Milengrad is a compound name: Milen being a proper noun and grad meaning castle or fortress in Croatian, thus Milengrad is Milen’s castle. In mediaeval documents it was called Mel(l)en, Milen and Miluan. Its Hungarian equivalents, Milen vára or Mileni vár, derive from the Croatian form and have the same meaning.
Milengrad Castle was built during the reign of Hungarian-Croatian King Béla IV after the Mongol invasion of 1241-1242. Around 1303, King Charles Robert donated the fortress to the Cseszneky family in compensation for their loss of Ipolyvisk Castle. The Counts Cseszneky sold it soon to Ban Mikcs, who, in 1309 ceded the lordship to the Herkffy family. In 1536 by the marriage between Katalin Herkffy and Miklós Patachich Milengrad became the two families' shared property till the 17th century when the Herkffys and the 19th century when the Patachich family became extinct. Due to the constant warfare with the Ottomans, and probably as well to an earthquake, by the late 17th century several walls of Milengrad fell down, and in 1683 it was already mentioned as arx diruta, a castle in ruins.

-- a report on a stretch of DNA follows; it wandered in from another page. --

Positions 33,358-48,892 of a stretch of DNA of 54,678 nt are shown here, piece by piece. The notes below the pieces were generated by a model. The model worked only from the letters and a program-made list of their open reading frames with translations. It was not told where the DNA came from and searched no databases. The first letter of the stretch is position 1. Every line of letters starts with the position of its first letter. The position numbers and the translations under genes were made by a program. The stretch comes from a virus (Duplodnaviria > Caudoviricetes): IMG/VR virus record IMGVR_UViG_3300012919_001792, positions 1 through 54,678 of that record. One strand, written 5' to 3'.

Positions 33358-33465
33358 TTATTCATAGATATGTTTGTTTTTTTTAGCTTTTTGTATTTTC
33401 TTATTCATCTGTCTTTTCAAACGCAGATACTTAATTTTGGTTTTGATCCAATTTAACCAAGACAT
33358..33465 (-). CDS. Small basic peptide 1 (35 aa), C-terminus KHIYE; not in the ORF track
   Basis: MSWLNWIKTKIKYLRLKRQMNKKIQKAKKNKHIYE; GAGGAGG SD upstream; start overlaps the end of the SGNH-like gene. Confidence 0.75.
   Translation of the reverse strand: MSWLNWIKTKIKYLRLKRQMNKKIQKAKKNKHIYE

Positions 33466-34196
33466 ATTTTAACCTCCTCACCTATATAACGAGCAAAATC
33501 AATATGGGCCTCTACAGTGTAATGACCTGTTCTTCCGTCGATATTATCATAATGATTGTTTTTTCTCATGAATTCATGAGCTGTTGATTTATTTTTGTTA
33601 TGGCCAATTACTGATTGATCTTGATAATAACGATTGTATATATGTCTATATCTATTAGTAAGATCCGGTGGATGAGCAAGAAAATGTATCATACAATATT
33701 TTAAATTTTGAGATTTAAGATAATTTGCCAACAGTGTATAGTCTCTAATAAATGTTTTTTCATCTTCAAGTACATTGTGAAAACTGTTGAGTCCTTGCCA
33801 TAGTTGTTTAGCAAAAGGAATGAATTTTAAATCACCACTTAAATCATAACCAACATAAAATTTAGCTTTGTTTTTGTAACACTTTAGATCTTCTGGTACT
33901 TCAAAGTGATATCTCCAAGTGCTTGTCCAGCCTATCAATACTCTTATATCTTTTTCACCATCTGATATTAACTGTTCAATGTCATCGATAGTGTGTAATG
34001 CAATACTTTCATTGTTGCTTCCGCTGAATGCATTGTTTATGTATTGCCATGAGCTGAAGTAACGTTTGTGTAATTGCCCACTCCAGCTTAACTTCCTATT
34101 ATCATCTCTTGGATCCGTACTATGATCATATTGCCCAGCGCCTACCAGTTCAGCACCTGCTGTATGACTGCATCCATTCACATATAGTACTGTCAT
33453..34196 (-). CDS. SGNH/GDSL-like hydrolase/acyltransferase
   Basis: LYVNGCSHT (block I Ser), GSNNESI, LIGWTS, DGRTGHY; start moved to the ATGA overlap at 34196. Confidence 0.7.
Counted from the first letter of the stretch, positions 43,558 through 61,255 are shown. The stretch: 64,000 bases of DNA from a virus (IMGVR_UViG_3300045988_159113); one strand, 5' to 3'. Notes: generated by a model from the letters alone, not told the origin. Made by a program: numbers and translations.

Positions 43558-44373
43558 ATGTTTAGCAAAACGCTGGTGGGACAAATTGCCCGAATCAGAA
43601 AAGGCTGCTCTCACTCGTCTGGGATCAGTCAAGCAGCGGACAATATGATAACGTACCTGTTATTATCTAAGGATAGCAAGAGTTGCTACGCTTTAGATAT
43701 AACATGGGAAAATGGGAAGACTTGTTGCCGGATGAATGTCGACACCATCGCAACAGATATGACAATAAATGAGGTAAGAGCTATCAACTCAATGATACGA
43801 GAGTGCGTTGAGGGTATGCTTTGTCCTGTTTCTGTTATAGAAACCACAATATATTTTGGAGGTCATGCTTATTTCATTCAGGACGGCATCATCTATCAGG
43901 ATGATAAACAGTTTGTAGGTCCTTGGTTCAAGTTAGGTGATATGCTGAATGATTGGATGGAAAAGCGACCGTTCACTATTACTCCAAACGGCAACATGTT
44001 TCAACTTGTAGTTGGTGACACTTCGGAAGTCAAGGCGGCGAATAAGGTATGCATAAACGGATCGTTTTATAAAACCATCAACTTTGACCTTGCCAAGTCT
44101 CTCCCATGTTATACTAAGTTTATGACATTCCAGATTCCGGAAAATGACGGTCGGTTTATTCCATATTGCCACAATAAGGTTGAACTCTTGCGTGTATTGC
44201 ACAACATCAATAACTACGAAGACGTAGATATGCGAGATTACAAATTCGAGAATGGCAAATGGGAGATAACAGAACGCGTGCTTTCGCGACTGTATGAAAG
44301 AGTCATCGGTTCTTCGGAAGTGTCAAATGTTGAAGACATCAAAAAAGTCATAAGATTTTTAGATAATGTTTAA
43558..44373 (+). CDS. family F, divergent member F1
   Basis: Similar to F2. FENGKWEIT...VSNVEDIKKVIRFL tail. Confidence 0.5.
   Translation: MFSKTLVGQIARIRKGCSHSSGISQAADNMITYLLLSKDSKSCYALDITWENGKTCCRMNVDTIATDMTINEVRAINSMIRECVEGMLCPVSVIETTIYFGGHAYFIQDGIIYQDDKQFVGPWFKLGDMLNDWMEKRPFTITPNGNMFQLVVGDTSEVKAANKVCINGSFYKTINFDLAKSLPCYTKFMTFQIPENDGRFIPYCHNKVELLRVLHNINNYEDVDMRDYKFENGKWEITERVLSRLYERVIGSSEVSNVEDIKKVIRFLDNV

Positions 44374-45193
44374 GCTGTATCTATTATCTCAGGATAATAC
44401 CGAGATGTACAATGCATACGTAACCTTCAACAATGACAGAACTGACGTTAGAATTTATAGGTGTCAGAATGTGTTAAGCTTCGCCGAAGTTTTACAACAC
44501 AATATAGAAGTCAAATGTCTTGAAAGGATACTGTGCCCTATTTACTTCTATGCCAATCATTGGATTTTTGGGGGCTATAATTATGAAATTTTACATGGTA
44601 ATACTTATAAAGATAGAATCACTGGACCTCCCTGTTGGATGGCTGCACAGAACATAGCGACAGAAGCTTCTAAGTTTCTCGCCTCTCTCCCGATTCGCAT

- Branko Nadilo in Građevinar n. 56. 2004/1
- Djuro Szabo: Középkori várak Horvátországban és Szlavóniában, Zagreb, 1920
- Codex Diplomaticus Hungaricus Andegavensis
- Almanach of Hungarian noble families
- Budinščina municipality
- Cseszneky genealogy
- Marek, Miroslav. "Patachich genealogy". Genealogy.EU. http://genealogy.euweb.cz/hung/patachich.html.
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